Streets of Rage Vinyl Soundtrack Review
This is our second review of the retro gaming vinyl soundtracks put out by Data Discs. Our first, Golden Axe, set a pretty high standard and Streets of Rage does not disappoint when carrying on that legacy.
Where as Golden Axe had a fantasy element woven through its compositions, Street of Rage is an all out, balls to the wall slice of action game soundtrack. The opening title track builds layer upon textural layer, kicking in with a nineties house track vibe that seasons the whole disc. It would not be amiss on an early Ministry of Sound white label.
In the first two tracks, the drum machine beats and synth pads all actually feel quite relaxed and chilled out when removed from the context of the game. But by track three the action really begins and not only do you get the wave of beat em up nostalgia but also images of sweaty dance clubs and illegal raves.
Created by renowned composer Yuzo Koshiro, it is apparent the compositions and production are both way ahead of their time, yet also a perfect slice of the era. Koshiro developed the soundtrack using his own original audio programming language. Called Music Macro Language, it was based on a modified basic programme. As such, the breadth and depth of timbre is outstanding. From offbeat digital conga to Casio keyboard vocal sounds, it is all in there. Some of the keyboard breaks sound like Herbie Hancock just improvised them.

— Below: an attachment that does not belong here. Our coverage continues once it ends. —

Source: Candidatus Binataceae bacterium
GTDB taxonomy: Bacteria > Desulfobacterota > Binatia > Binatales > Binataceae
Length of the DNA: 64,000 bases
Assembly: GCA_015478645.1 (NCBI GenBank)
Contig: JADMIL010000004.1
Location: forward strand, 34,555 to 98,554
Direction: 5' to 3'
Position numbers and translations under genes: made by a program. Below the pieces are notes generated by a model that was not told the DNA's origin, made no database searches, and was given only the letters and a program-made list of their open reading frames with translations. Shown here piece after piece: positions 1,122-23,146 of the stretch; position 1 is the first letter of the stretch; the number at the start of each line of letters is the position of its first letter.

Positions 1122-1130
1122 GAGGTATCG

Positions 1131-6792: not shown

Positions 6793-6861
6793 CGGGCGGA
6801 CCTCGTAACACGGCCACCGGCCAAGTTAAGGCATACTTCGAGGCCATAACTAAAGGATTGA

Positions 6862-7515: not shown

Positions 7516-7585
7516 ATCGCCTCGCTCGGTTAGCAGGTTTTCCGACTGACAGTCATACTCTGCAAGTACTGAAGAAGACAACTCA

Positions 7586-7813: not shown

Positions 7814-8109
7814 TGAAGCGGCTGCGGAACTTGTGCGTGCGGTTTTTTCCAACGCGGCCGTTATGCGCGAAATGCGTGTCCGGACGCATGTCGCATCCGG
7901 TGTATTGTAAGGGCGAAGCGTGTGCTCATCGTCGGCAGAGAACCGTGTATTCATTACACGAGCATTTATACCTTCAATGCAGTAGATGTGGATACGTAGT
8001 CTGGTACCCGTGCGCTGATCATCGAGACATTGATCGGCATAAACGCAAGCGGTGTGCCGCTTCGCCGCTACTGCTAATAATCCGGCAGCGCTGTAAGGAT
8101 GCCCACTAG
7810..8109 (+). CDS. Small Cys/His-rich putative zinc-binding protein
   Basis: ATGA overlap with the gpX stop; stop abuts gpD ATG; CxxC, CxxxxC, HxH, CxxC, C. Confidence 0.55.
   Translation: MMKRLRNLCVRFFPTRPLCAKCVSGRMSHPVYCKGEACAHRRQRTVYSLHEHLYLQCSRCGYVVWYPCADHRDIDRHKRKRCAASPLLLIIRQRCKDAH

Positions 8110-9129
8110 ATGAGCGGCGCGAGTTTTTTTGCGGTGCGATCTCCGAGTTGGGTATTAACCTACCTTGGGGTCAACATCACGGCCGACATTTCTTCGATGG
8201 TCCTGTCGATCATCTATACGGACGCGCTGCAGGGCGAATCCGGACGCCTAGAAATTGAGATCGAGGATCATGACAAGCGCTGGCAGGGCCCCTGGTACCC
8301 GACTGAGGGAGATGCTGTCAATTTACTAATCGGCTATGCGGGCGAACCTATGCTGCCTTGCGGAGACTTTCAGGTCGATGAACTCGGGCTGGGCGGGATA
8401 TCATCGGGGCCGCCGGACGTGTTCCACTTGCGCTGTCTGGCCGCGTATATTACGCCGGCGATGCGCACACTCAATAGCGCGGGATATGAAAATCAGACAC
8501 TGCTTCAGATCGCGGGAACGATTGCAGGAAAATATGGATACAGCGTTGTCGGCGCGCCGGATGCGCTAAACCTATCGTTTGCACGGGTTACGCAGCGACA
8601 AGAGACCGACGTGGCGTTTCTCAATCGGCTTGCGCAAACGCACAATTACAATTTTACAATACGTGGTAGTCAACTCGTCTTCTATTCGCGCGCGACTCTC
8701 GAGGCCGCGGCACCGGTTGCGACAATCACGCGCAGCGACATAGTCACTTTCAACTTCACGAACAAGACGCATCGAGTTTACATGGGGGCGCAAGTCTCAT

The Streets of Rage vinyl package itself does not disappoint either. Again, the game is supplied with two lithograph prints of original artwork from the Sega archives. The first lithograph is the US/Europe cover and the second features the Japanese cover.
The disc itself is a striking translucent red in 180g and also comes in classic black.
In conclusion, the Streets of Rage vinyl package is beautiful and well worth the money. Data Discs are excellent at providing a real tangible experience using coloured vinyl and lithographs. The music itself is a step ahead. Whereas other vinyl in the catalogue act as a memory trip, these compositions stand on their own as great pieces of early nineties dance/trance music.